DUBLIN, July 24 (Reuters) - Ireland may need to cool parts of its economy in a couple of year, potentially by raising taxes, if ramped up public investment coincides with full employment, its central bank chief was quoted as saying on Monday. The economy has grown faster than any other in Europe for the last three years and employment is showing no sign of slowing down, with a current jobless rate of 6.3 percent down from over 15 percent five years ago.
"We are not overheating now and we may not overheat because of downside risks," Governor Philip Lane told Ireland's edition of The Times newspaper in an interview, a transcript of which was published on the central bank's website.
"The big challenge for the government is that from 2019-2021 in the scenario where we do hit full employment in late 2018 or early 2019... the nature of the economy totally changes and everyone recognises that this has to be handled."
Full employment means that just about everyone who wants a job has one, a situation which leads to workforce shortages and wage inflation.
Dublin also plans to stimulate growth by nearly doubling capital spending over the next five years, tackling bottlenecks built up after investment ground to a near-halt during the financial crisis and which remains among the lowest in the European Union.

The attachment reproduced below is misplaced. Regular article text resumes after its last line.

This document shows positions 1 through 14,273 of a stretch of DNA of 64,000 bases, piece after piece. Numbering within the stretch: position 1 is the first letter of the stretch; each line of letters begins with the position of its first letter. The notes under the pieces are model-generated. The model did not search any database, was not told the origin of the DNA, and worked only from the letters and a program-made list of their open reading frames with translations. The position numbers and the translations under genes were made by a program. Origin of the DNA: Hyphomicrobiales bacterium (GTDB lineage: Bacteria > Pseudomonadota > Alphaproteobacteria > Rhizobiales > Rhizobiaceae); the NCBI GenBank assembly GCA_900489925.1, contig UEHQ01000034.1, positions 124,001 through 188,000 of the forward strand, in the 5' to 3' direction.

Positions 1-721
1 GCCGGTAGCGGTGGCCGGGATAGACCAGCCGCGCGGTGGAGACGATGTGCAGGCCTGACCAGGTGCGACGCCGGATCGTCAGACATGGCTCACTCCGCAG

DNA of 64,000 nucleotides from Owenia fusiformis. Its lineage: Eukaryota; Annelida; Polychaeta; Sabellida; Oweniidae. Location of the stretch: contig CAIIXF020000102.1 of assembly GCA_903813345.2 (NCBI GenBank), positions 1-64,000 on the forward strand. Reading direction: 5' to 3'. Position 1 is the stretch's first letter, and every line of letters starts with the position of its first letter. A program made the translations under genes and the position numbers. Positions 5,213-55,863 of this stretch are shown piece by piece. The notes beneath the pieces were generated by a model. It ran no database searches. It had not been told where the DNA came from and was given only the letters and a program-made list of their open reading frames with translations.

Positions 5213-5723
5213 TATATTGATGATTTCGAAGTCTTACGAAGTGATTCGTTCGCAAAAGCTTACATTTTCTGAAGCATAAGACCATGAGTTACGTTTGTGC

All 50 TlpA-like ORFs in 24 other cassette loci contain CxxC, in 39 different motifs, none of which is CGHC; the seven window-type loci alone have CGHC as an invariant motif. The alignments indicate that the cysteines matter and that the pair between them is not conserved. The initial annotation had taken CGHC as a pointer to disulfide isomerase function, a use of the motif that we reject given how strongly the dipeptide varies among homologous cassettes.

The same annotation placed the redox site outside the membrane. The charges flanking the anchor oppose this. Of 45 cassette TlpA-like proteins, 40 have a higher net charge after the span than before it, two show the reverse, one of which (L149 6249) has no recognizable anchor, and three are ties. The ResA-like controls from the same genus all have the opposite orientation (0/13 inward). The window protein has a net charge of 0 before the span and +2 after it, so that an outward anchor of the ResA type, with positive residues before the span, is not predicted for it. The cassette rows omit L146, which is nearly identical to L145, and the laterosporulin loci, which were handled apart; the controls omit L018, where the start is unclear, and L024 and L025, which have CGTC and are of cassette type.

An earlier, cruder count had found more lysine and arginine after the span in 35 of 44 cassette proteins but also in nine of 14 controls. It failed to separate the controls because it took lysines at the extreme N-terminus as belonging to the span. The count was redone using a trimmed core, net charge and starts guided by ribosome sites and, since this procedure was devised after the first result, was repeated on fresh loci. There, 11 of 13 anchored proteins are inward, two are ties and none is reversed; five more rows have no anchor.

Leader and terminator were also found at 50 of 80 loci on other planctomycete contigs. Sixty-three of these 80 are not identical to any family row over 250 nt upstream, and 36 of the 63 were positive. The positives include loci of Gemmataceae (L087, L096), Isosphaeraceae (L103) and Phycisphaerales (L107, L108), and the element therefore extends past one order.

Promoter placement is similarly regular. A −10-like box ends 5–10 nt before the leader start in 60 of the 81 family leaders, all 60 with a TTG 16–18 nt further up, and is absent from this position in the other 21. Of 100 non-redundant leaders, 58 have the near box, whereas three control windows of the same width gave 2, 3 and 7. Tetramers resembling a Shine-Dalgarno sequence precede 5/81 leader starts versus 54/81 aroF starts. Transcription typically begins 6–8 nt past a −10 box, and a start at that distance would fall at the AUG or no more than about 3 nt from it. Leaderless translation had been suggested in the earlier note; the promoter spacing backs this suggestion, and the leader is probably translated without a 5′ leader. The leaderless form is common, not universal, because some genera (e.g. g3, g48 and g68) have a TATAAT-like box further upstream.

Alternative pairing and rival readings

Lane said that while there was some slack in the economy with wage growth remaining relatively modest, pay pressure built up quite quickly when Ireland last reached full employment in the late 1990s before the crash of the "Celtic Tiger" economy.
"The process of adding through a surge in public investment, how does that work in full employment? Other parts of the economy may need to cool down and this is where the government's overall fiscal strategy may come into play," Lane said.
"So, raising taxes... Not saying we're going to raise taxes forever. But raising taxes to make room for a surge in public investment or to make room for the fact the economy is operating above potential... For small economies the type of budget surplus needed could be significant."
Ireland's Finance Minister Paschal Donohoe said last week that overheating was a risk that could develop and that the government needed to be ready to act.
Ireland also faces an economic unknown relating to next door Britain's leaving the EU, potentially cutting its land route to mainland Europe for exports and also creating a different trade relationship with its main UK market.
(Reporting by Padraic Halpin Editing by Jeremy Gaunt)